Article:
As we approach the independence day holiday with its orgy of patriotic fervor, I want to remark on one of the things that I find curious about America, and that is its flag fetish. People seem to treat the country’s flag with a level of veneration that I find somewhat bizarre. There even exist statutes that spell out in incredible detail how the flag should be treated such as how and when the flag should be raised and lowered, how it should be carried or folded, how old flags should be destroyed, and so on. All the rules of etiquette surrounding the flag are incredibly complex and June 14 has even been designated as Flag Day. Most people, I suspect, are not aware of many of these rules such as, for example, that the flag should never be used as wearing apparel, should never touch anything beneath it, such as the ground, the floor, or water, should never be carried flat or horizontally, and so on. Even the Bible does not get this level of special treatment.
However there are no penalties in the statute for violating any of these rules. As a result of flag burning cases, the US Supreme Court has ruled that doing what one likes to the flag is a form of speech protected by the First Amendment.
It is curious though that some acts that are officially deemed to be disrespectful to the flag are routinely committed with no controversy. For example, the rule that “The flag should never be used for advertising purposes in any manner whatsoever. It should not be embroidered on such articles as cushions or handkerchiefs and the like, printed or otherwise impressed on paper napkins or boxes or anything that is designed for temporary use and discard.” Yet one sees images of the flag on all kinds of merchandise and advertising, especially around the fourth of July. It looks like people venerate making money even more than they do the flag.
While Muslims justifiably get made fun of for getting all bent out of shape when they feel that their prophet is being dissed by even drawing a cartoon of him, the veneration with which Americans treat their flag is very similar to that irrational reaction. If you were to go on a public street and place the flag on the ground and stomp on it, I would not be surprised if you angered many bystanders and even rouse some of them to violence against you in order to protect the ‘honor’ of the flag. Look at the reaction that occurs whenever political protesters burn the American flag and the periodic moves to pass a constitutional amendment to prevent desecration of the flag. Thankfully, we haven’t had that kind of silliness for some time.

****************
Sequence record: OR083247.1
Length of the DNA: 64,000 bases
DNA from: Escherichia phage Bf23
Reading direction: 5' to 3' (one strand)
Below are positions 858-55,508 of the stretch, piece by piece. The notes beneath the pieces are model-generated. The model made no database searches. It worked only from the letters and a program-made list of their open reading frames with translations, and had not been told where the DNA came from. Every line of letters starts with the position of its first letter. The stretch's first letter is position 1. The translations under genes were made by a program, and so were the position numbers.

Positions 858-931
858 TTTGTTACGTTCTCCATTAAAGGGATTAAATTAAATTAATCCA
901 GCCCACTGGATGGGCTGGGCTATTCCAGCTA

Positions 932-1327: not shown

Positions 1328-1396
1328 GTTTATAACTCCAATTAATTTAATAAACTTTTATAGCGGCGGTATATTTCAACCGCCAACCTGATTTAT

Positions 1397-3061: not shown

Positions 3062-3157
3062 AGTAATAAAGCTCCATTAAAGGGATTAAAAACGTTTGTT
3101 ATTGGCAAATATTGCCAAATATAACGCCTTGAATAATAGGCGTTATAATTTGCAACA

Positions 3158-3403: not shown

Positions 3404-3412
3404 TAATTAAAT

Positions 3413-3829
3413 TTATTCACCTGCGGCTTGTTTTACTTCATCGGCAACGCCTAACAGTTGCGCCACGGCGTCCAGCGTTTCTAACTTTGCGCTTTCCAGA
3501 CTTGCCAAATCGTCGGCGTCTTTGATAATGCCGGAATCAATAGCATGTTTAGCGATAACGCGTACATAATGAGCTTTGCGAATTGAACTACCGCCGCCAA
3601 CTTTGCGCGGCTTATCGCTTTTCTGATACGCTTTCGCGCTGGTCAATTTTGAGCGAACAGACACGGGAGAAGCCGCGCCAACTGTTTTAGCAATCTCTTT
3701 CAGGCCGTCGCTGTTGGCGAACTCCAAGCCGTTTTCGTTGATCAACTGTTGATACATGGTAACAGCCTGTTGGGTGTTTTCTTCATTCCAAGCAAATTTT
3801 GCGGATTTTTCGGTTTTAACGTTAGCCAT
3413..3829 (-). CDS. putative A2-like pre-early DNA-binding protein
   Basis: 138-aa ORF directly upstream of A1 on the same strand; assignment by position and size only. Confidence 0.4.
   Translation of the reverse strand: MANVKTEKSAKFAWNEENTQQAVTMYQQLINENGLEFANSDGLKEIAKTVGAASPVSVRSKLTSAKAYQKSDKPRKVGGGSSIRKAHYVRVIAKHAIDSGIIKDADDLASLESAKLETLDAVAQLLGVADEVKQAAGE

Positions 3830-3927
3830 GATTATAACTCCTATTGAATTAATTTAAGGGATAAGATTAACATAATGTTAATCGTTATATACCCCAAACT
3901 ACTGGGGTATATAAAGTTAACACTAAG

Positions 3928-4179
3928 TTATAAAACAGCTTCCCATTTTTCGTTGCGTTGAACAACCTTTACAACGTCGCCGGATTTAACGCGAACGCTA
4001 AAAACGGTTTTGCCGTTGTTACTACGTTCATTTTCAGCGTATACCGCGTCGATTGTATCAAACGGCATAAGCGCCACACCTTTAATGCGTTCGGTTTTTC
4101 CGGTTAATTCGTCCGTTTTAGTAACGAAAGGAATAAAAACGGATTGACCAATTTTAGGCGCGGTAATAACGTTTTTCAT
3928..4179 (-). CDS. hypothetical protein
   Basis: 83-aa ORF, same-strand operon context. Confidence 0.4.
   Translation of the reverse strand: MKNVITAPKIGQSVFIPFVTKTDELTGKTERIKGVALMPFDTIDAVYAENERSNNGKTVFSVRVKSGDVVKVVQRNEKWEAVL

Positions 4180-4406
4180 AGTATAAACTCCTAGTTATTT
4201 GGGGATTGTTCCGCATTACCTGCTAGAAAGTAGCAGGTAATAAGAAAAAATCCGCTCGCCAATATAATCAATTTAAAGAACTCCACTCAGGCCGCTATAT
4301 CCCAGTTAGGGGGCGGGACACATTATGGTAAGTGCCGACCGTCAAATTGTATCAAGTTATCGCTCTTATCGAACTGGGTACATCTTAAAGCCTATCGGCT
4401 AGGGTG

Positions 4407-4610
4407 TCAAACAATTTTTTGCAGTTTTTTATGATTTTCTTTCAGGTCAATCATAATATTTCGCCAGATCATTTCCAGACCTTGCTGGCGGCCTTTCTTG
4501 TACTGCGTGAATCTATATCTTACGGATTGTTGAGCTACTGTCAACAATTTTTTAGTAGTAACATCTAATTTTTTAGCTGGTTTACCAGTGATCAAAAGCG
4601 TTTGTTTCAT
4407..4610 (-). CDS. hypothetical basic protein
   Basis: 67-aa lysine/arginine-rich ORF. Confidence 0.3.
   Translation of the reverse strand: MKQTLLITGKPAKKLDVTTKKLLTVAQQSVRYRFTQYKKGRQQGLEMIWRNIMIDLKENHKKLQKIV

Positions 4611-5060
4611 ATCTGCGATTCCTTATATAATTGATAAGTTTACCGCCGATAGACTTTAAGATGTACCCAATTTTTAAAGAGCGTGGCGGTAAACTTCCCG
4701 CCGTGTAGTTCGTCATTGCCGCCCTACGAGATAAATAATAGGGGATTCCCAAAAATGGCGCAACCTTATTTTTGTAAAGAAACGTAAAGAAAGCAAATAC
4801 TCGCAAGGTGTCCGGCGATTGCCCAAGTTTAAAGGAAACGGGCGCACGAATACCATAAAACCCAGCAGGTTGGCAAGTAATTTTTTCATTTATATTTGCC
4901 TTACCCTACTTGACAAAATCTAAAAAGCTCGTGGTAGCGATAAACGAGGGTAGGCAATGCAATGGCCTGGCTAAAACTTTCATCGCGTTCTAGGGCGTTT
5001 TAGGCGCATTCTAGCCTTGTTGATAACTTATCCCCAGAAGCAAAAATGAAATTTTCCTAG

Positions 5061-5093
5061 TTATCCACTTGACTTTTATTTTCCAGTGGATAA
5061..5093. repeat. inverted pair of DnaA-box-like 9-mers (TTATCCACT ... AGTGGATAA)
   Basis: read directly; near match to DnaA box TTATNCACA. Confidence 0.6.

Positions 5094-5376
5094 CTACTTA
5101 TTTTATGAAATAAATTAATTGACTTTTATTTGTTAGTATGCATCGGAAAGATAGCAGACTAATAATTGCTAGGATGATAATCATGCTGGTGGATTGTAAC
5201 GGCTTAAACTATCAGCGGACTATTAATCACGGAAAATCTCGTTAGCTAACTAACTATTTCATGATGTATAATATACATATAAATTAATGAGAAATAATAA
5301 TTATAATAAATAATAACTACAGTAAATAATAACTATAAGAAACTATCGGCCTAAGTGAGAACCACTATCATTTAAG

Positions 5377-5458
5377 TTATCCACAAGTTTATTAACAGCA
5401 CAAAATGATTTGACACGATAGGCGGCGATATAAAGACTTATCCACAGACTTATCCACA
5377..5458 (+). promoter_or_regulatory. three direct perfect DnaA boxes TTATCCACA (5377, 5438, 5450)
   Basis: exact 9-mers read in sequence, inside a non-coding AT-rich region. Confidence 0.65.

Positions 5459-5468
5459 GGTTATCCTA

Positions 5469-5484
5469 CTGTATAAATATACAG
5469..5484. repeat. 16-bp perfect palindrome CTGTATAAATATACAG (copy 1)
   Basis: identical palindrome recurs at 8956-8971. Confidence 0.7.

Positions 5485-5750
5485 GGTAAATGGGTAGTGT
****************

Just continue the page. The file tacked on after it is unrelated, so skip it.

I recall a community discussion during the first Gulf war in 1992. In one incident in that war, a group of fighters had used Allah as a rallying cry to fight US troops, saying they were defending Islam. In the discussion, some people said that they could not understand how so many Muslims could get so impassioned about fighting for Allah. The idea of fighting for god instead of nation seemed irrational to them. I pointed out that American troops use their flag as a rallying cry in just the same way (the national anthem itself is all about such an incident), and from the point of view of Muslims, Americans must seem even more irrational in the way they were willing to fight for a mere flag instead of their god.
The people in the room were surprised by my comments. Until I raised it, the thought had never crossed these people’s minds that the honor and value they placed on the flag was a form of idol worship similar to what people place on god and religion.
Once again, it reveals that it is really hard for people and nations to see themselves from the point of view of others.
POST SCRIPT: Angry black men
I really like the exchanges between Jon Stewart and Senior Black Correspondent Larry Wilmore. They can find humor in racial stereotypes while still showing its ridiculousness.
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